Longboard champ to boycott ASP tour

California's Cori Shumacher is a two-time ASP North American longboard champion. ASP

For years, women's longboarding has had to decide its ASP World Tour champion based on one event -- an imperfect system given the variables involved with competitive surfing.

This year, the women finally got what they wanted: the ASP informed them on Feb. 16 that a second event would be added in October, allowing them to combine points from two contests. The issue? It will take place on Hainan Island in China, and that does not sit well with at least one high-profile competitor.

Reigning world champion Cori Schumacher has decided to boycott the world tour entirely, informing ASP tour manager Al Hunt and CEO Brodie Carr by e-mail. Her decision has become a hot topic on surfing forums, with some deriding Schumacher and some supporting her. In a phone interview with ESPN.com, Schumacher explained her decision.

"I was blown away when I got Al's e-mail," she said. "I remember being in shock, and the second thought I had was, why China? Every event we've ever done has been in a place with a surf culture. But then I started to realize the economics behind it."

Many of surfing's stalwart brands are manufactured in China, and the nation is considered a huge marketplace for professional sport expansion. In recent years, the NBA, PGA Tour and FIFA have all made attempts to tap into its economic potential, a fact cited by ASP media director Dave Prodan in an email to ESPN.com.

Carr declined to comment himself when asked how and why the China event came to be. He also declined to respond to Schumacher's comments.

However, in an email he sent Schumacher in late February, Carr encouraged her to "proactively go there as an ambassador of a sport that possesses the unparalleled ability to empower people." Schumacher's response read, in part, "Regardless of how you package it, I know the true cost of what you are advertising. I am not buying it."

She believes women longboarders are being used as a gateway for the ASP to enter China on good terms. "We're the least obnoxious, we're the leg of the tour that hasn't had any controversy or violence and we're not oversexualized like some of the other women," she said. "They're presenting surfing as this healthy, happy face, and in my opinion, the sport is being used to show China as a more western country, when the reality is the systemic changes that need to occur aren't occurring. China has made it very clear that they put economy ahead of the fundamental human rights of their people."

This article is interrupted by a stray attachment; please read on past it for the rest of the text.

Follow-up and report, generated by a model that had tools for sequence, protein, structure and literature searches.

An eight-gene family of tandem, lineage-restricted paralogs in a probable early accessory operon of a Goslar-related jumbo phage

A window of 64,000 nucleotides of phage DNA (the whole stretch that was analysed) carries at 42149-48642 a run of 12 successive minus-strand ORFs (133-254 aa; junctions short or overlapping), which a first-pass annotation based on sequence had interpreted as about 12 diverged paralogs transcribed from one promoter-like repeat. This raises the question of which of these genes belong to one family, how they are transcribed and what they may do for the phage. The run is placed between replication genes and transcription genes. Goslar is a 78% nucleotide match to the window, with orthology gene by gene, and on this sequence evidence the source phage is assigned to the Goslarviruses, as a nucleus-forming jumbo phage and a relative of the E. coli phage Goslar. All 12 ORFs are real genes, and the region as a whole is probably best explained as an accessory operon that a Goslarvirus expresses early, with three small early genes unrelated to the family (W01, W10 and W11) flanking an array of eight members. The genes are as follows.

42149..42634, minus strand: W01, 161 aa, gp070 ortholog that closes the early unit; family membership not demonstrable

Schumacher, 33, has a history of protesting policies she views as being unjust, including same-sex marriage bans and the wars in Iraq and Afghanistan. She is a three-time world champion but elects not to take on sponsorship "so I can say what I want to say and be who I want to be." Instead of exploiting her surfing talents, she works as a waitress in San Diego, where she lives.

In China's case, she says the country has a history of restricting freedom of speech, religion and movement, and she claims the government's one-child policy "has been tied to forced sterilization, forced abortion and can lead to sex slavery."

"I feel like the surf industry, as a $6 billion industry, has enough leverage to encourage the Chinese government to make real policy changes that would make it more democratic, instead of just taking advantage of the economic situation," she said by phone.

Schumacher hasn't been contacted by any of the other women on tour, and she's fine with that, even if her decision conflicts with theirs.

In her email to Carr, she wrote: "As a business, I understand the ASP is just as much in peril of economic disruption as the rest of us. We are all struggling to make our bills, pay our rent and feed our families. But if it is at the cost of someone else's human rights, I would rather go without."

The ASP women's longboard world tour kicks off in Biarritz, France, on July 17.